Mont Blanc is to impose "permanent restrictions" on climbing Western Europe's highest mountain via its busiest route in an attempt to reduce death and bottlenecks on the perilous final ascent.
Starting next summer, the number of hikers allowed to tackle the Royal Route to the mountain’s 15,780ft peak, used by three quarters of climbers, will be limited to 214 per day, according to local officials.
In front of Mont Blanc © Sean Potts, Fly-Chamonix.com
Twice that number have been trying to reach the top over the summer, some of them
“ill-prepared thrill seekers” with scant gear who undertake the climb without even booking a place in a refuge, they said.
Sixteen climbers have died so far this summer, most recently a week ago, with the heatwave increasing the risk of avalanches and rockfalls as glaciers melt. Although some treat the ascent as little more than a gentle climb, a section of the Goûter ridge near the top, is so dangerous that it is nicknamed the “corridor of death”.
Jean-Marc Peilleux, mayor of Saint-Gervais, who has been fighting for years to restrict the number of hikers, welcomed the decision by regional state authorities after a meeting with mountain police, the French mountaineering federation and guides.
“It’s important to tell people wanting to climb Mont Blanc next summer: ‘Watch out, it’s no longer an open bar!',” he told the Telegraph, calling the decision a vindication of his “crusade to restore the mountain’s nobility”.
"This is not about punishing mountaineers but simple common sense: we want the number of people setting out on Mont Blanc to correspond to the number of places available in refuges.”
The quota tallied with the combined daily capacity of three refuges along the Royal Route, he said.
Temporary restrictions had already been imposed on climbers this summer with authorities turning away climbers without pre-booked accommodation at the Goûter refuge.
Starting next year, climbers without guides must pick up a “free” permit from the tourism office to prove they have a bona fide place in a refuge on a given day. Mountain gendarmes are mulling forming a “white brigade” to enforce the new rules.
Photo credit: www.lovecourmayeur.com
Mr Peilleux said that the mountain had increasingly fallen prey to “dangerous buffoons” and that this summer was “the last straw”.
“One guide was punched for not stopping to let climbers pass his group, a bunch of Eastern Europeans stayed in a refuge without booking and left without paying, and to cap it all, gendarmes had to turn away a group of Latvians trying to carry up a 10m-long mast and flag to plant on the summit,” he said.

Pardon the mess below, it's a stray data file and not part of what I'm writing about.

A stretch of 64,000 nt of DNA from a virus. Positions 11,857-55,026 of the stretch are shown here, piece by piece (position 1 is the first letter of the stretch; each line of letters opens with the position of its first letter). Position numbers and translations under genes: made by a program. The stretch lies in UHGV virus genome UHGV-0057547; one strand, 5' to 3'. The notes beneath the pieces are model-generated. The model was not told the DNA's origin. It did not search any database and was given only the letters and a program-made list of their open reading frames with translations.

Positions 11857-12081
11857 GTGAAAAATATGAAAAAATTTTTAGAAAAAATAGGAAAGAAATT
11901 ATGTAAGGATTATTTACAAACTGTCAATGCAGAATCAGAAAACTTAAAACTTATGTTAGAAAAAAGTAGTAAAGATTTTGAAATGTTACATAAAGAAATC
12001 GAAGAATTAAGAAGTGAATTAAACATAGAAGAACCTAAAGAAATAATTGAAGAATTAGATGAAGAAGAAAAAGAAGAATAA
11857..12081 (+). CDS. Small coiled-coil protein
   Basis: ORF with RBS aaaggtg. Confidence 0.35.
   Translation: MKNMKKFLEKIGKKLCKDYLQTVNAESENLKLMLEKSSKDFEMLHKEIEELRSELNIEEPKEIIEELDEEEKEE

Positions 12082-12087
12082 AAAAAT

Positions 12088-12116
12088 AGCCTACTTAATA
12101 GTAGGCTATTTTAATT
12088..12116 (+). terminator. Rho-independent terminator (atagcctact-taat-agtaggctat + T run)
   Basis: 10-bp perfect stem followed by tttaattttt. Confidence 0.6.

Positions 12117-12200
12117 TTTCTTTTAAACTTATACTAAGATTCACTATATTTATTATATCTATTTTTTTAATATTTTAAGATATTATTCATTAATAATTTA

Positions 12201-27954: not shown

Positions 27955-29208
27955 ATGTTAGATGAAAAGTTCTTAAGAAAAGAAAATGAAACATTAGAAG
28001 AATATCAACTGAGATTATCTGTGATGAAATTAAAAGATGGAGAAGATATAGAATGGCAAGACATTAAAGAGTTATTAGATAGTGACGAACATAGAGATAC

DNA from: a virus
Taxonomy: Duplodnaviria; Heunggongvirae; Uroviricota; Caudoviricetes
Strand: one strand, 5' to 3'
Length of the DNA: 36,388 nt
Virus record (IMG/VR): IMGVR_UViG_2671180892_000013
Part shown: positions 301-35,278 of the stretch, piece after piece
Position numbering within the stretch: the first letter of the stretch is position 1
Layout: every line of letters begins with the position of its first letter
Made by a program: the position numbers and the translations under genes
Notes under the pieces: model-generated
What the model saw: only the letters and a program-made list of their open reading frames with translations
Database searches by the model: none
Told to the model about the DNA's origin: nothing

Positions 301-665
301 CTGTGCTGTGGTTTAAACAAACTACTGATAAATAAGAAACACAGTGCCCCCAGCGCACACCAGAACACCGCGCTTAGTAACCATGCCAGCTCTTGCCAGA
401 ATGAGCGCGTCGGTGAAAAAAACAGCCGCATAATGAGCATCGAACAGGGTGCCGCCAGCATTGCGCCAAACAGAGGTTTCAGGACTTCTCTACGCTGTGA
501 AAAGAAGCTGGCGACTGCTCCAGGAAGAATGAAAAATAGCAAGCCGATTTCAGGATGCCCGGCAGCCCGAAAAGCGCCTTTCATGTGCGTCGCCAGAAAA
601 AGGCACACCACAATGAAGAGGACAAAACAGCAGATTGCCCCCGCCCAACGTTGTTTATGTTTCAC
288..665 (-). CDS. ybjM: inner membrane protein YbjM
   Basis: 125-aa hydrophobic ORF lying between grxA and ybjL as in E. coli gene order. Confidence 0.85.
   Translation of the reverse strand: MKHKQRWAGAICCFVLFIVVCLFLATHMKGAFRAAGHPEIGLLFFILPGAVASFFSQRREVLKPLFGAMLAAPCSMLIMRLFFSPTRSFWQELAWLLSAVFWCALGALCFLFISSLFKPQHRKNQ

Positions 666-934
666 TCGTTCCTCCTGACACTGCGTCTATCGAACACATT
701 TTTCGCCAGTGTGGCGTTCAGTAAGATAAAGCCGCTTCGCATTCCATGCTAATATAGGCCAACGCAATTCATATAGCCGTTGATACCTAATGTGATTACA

The mayor is also pushing to fine people who attempt the climb without proper equipment. One man was recently spotted on a pass wearing trainers instead of mountain boots with crampons.
However, news of the restrictions sparked a furious row with neighouring Chamonix, whose mayor Eric Fournier said he had not been informed of the “unilateral” decision.
Photo crediit: www.alpineascents.com
Limiting the numbers on the Royal Route could push hikers to attempt “technically more difficult” and dangerous ones on the Chamonix side where the “security stakes have not been calculated”,” he warned. Only one of this year's 16 deaths occurred on the Royal Route.
“The consequences of a decision that takes into account only one mountainside could prove dramatic,” he wrote in a statement.
Mr Peilleux said that the president of Chamonix mountain guides was president and had approved the move.
“I act, others gesticulate," retorted the outspoken official.
"Instead of reacting with pride and jealousy, I’d like the Chamonix mayor to join this system and extend it to the Chamonix routes if he shares this vision of respecting the mountain," he said, adding that he was not sure this was the case.
This article first appeared on www.telegraph.co.uk. The original can be read here.